Minority Supplement for Mr. Julian Vallejo to obtain a Ph.D. Abstract of PPG Our society is becoming more and more sedentary, thereby worsening and accelerating the effects of aging. The central system that is responsible for the beneficial effects of mobility on brain function, cardiac function, metabolism, and other organs is the musculoskeletal system. Without muscle contraction and bone movement, there is no exercise and therefore no beneficial effects on the organism. Exercise appears to delay the negative effects of aging and can ameliorate negative effects of diseases associated with aging. Exercise maintains both muscle and bone mass and it is most likely the maintenance of the health of the musculoskeletal system that is responsible for the health of the organism. The hypothesis to be tested includes: Crosstalk occurs between muscle and bone through systemic factors. The osteocyte is regulated by both mechanical loading and by factors secreted by contracted muscle. In turn, the osteocyte regulates muscle myogenesis and function. Exercise targets the osteocyte and muscle by reducing the negative effects of aging.
The specific aims of this program project renewal are 1). Determine how young and old osteocytes regulate myogenesis, muscle mass and function, 2). Determine how muscle protects and maintains osteoblast/osteocyte viability and function, 3). Examine the role of extracellular vesicles in bone-muscle crosstalk, 4). Determine the role of estrogen/?-catenin in muscle-bone crosstalk with aging and 5). Determine if exercise can rescue or reduce the negative effects of aging on bone-muscle crosstalk.
These specific aims will be accomplished through a multidisciplinary approach where bone and muscle biologists interact along with engineers and biochemists. This program project focuses on bone-muscle crosstalk utilizing muscle and bone transgenic mouse models, unique bone and muscle cell lines, live cell imaging and intravital imaging capabilities and integration of metabolomics and lipidomics. The projects and their supporting cores are highly integrative and will lead to synergistic interactions where the potential for progress and success is greater than the individual components. Identification of the mechanisms used by muscle and bone to communicate and regulate the musculoskeletal system as a whole and how these are regulated by exercise should lead to interventions for musculoskeletal disease, dysfunction, and disorders and prevent the negative effects of immobilization and aging, not only on the musculoskeletal system, but on the overall health of the individual.

Public Health Relevance

This program project renewal will continue to identify the molecular mechanisms whereby bone and muscle communicate independent of mechanical loading of bone by muscle. The underlying premise for these studies is that bone cells secrete circulatory factors that regulate muscle mass and function and in turn, secreted factors from contracted muscle can maintain bone cell viability and function. The negative effects of aging on this ?muscle-bone crosstalk? are attenuated by normal physiological exercise. Identification of these molecular mechanisms should lead to therapeutics for the twin condition of ?osteo-sarcopenia?.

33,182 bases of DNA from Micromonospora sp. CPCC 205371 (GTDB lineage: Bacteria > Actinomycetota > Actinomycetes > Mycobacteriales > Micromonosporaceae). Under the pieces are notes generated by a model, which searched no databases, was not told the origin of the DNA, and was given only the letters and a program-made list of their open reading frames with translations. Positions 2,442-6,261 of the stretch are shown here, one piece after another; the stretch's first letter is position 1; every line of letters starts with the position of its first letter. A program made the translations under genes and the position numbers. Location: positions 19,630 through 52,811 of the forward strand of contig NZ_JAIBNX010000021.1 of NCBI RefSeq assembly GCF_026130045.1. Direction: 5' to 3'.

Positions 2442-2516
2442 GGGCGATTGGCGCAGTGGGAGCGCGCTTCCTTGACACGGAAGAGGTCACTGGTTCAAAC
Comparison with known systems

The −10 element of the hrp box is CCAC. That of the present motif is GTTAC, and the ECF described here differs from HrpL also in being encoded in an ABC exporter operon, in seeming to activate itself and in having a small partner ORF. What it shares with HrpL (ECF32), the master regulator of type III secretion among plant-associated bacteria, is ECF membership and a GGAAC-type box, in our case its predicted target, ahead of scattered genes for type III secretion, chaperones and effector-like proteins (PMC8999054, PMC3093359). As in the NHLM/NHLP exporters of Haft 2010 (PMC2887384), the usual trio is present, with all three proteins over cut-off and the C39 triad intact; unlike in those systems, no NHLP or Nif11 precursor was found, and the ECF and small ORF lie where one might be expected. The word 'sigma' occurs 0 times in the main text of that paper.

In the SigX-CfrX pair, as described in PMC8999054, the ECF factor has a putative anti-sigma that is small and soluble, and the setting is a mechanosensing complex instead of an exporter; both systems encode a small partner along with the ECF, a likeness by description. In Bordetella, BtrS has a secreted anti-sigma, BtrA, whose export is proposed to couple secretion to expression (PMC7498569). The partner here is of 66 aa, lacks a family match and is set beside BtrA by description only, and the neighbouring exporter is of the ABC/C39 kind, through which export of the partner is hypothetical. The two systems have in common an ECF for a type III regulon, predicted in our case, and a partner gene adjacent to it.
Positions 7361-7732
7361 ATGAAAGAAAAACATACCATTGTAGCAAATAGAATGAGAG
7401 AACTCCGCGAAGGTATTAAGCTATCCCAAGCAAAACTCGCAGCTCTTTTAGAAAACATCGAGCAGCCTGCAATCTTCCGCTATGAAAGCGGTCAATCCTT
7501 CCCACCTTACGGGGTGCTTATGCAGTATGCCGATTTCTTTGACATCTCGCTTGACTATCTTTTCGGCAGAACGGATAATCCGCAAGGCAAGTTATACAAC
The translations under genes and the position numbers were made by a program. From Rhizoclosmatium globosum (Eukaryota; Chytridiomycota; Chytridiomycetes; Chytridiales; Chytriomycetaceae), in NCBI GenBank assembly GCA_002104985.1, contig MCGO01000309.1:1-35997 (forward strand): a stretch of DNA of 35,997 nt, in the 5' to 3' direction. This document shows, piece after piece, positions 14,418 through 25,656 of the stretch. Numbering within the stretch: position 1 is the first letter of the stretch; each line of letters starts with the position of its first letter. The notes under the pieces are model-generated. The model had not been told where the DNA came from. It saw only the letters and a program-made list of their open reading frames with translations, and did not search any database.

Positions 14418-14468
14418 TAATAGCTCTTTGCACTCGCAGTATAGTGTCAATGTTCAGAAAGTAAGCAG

Agency
National Institute of Health (NIH)
Institute
National Institute on Aging (NIA)
Type
Research Program Projects (P01)
Project #
3P01AG039355-08S2
Application #
10261710
Study Section
Program Officer
Williams, John
Project Start
2012-05-01
Project End
2023-05-31
Budget Start
2021-01-01
Budget End
2021-05-31
Support Year
8
Fiscal Year
2021
Total Cost
Indirect Cost
Name
Indiana University-Purdue University at Indianapolis
Department
Anatomy/Cell Biology
Type
Schools of Medicine
DUNS #
603007902
City
Indianapolis
State
IN
Country
United States
Zip Code
46202
Bonewald, Lynda (2018) Use it or lose it to age: A review of bone and muscle communication. Bone 120:212-218
Kitase, Yukiko; Vallejo, Julian A; Gutheil, William et al. (2018) ?-aminoisobutyric Acid, l-BAIBA, Is a Muscle-Derived Osteocyte Survival Factor. Cell Rep 22:1531-1544
Pin, Fabrizio; Barreto, Rafael; Kitase, Yukiko et al. (2018) Growth of ovarian cancer xenografts causes loss of muscle and bone mass: a new model for the study of cancer cachexia. J Cachexia Sarcopenia Muscle 9:685-700
Morris, Josephine L; Cross, Stephen J; Lu, Yinhui et al. (2018) Live imaging of collagen deposition during skin development and repair in a collagen I - GFP fusion transgenic zebrafish line. Dev Biol 441:4-11
Jähn, Katharina; Kelkar, Shilpa; Zhao, Hong et al. (2017) Osteocytes Acidify Their Microenvironment in Response to PTHrP In Vitro and in Lactating Mice In Vivo. J Bone Miner Res 32:1761-1772
Huang, Jian; Romero-Suarez, Sandra; Lara, Nuria et al. (2017) Crosstalk between MLO-Y4 osteocytes and C2C12 muscle cells is mediated by the Wnt/?-catenin pathway. JBMR Plus 1:86-100
Bonewald, Lynda F (2017) The Role of the Osteocyte in Bone and Nonbone Disease. Endocrinol Metab Clin North Am 46:1-18
Vemula, Harika; Kitase, Yukiko; Ayon, Navid J et al. (2017) Gaussian and linear deconvolution of LC-MS/MS chromatograms of the eight aminobutyric acid isomers. Anal Biochem 516:75-85
Begonia, Mark; Dallas, Mark; Johnson, Mark L et al. (2017) Comparison of strain measurement in the mouse forearm using subject-specific finite element models, strain gaging, and digital image correlation. Biomech Model Mechanobiol 16:1243-1253
Tiede-Lewis, LeAnn M; Xie, Yixia; Hulbert, Molly A et al. (2017) Degeneration of the osteocyte network in the C57BL/6 mouse model of aging. Aging (Albany NY) 9:2190-2208

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